“For me, the policy should turn to securing tenure,” echoed Cécile Bibiane Ndjebet, president of REFACOF, an African organization focused on women’s rights. “If you want to plant trees, you need secure tenure. If you want to do anything in the field, you need secure tenure.”
Alternative solutions must also be developed for when policy cannot overcome familial and cultural traditions in local communities, speakers said. In a powerful narrative, June Jerop Kimaiyo, an intern at the Youth in Landscapes Initiative, shared how she has had to fight older male members of her family to have access to her inherited land. “The law of Kenya says that land should be equally divided among heirs, regardless of gender,” she said. “Yet, this is not recognized in my culture. And while the situation varies across countries in Africa, I know that women and young people like me are facing similar challenges.”
Financing a new future
According to the Organisation for Economic Co-operation and Development (OECD), almost USD 7 trillion is needed until 2030 to meet climate change and development goals. Yet actual investment in landscape restoration pales in comparison. According to a study by the Luxembourg Green Exchange and the GLF, only 3 percent of green bonds went toward biodiversity and sustainable land-use sectors.
“While nature can give more than 20 percent of the solutions needed to address climate change mitigation goals, sustainable land-use sectors are still underfunded,” said Carole Dieschbourg, Luxembourg’s Minister for the Environment, Climate and Sustainable Development while announcing her government’s partnership with the GLF. “Until recently, the finance sector has been slow to realize the threat that unsustainable land use poses for us.”
In Africa, improved investment is needed at all levels. The Great Green Wall, a monumental initiative that seeks to restore and regreen the Sahel to prevent the southern spread of the Sahara, received investment of USD 14 billion earlier this year – regarded by many of the events speakers as a beacon of hope.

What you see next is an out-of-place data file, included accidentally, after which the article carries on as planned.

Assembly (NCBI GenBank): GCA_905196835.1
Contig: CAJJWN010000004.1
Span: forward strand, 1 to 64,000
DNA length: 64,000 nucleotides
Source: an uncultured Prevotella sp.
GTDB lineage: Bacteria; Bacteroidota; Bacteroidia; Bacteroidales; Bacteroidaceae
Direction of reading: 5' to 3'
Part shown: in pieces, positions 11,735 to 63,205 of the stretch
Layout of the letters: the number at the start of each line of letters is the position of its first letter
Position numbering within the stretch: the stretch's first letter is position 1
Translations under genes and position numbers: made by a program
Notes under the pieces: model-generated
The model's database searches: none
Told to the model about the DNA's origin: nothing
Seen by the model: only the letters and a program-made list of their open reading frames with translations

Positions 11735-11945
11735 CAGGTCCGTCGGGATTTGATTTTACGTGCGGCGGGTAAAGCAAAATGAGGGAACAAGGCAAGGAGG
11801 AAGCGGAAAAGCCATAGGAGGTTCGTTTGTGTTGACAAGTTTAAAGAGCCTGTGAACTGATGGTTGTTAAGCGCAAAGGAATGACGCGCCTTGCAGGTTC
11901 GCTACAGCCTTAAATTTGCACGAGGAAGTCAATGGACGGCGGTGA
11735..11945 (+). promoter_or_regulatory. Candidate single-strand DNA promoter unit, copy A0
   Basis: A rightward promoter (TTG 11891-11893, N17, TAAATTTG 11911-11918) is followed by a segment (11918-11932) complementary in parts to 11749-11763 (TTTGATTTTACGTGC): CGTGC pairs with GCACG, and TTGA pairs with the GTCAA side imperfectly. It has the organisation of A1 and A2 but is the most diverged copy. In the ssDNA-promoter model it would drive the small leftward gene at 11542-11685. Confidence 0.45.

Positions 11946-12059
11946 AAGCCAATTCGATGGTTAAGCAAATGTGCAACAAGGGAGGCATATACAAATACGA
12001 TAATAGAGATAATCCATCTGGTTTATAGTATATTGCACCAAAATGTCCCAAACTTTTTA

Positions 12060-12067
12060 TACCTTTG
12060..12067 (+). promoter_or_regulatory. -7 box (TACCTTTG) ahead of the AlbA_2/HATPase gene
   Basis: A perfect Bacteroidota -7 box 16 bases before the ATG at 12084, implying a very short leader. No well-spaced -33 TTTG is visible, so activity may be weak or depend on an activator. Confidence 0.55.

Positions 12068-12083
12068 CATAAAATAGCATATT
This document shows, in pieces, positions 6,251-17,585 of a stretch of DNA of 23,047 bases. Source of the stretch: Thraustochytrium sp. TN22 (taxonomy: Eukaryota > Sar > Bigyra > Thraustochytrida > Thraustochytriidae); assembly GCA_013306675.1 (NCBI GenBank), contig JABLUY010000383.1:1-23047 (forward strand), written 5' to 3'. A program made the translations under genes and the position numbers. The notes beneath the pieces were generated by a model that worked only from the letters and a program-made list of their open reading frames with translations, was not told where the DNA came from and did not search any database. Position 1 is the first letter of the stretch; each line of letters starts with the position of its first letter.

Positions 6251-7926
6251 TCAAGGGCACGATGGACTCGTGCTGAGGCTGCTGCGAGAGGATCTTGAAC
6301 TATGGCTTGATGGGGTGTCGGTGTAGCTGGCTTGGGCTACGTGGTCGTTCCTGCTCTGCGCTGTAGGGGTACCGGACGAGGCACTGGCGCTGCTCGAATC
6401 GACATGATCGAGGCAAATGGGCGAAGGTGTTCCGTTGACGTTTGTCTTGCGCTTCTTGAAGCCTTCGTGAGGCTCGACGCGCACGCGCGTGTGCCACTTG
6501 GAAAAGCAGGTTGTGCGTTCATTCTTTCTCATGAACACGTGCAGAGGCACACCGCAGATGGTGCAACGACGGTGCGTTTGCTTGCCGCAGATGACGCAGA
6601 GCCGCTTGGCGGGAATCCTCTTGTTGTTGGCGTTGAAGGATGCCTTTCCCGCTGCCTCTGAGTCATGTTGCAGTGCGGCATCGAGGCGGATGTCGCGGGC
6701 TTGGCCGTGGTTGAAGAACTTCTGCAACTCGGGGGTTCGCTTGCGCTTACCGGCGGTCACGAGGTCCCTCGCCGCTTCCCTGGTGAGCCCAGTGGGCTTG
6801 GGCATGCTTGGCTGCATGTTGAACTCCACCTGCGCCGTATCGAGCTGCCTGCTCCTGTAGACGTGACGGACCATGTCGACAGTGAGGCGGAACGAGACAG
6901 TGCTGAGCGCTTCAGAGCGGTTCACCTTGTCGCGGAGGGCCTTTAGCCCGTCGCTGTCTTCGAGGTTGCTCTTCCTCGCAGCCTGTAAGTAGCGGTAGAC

But getting finance of any kind down to the smallholders and community members who make up the majority of Africa’s private sector remains a struggle. In an audience poll, 39 percent of listeners said that what’s needed most in African restoration is investment in locally-led initiatives.
“One of our challenges and goals is to bring financial tools and financial access to smallholder farmers, because they have difficulties accessing loans and guarantees,” said Mamadou Moussa Diakhité, a senior manager at the New Partnership for Africa’s Development (NEPAD). “We must move from just restoration to business restoration, inclusive of women and youth.”
A close-of-event session hosted by the World Resources Institute (WRI) looked at specific organizations and businesses models that are running successful restoration models. Rather than starting new projects, global tree-planting organization One Tree Planted emphasized that it seeks out existing initiatives – many in Africa – that are implementing proper restoration practices and channels funds to support their work.
Komaza, a company that seeks to achieve sustainability in Africa’s wood value chains through commercial tree-growth on smallholder farms, said that it’s similarly focused on investing in technology, such as smartphone measurement tools, that support bringing local good practices to scale.
“Doing the right thing at scale is nothing different from doing the right planting in general,” said Tomo Kumahira, Komaza’s vice president of corporate finance and strategy. “We are only investing in enabling technologies. It’s about how can we make sure each and every step of these processes are well-managed and done well.”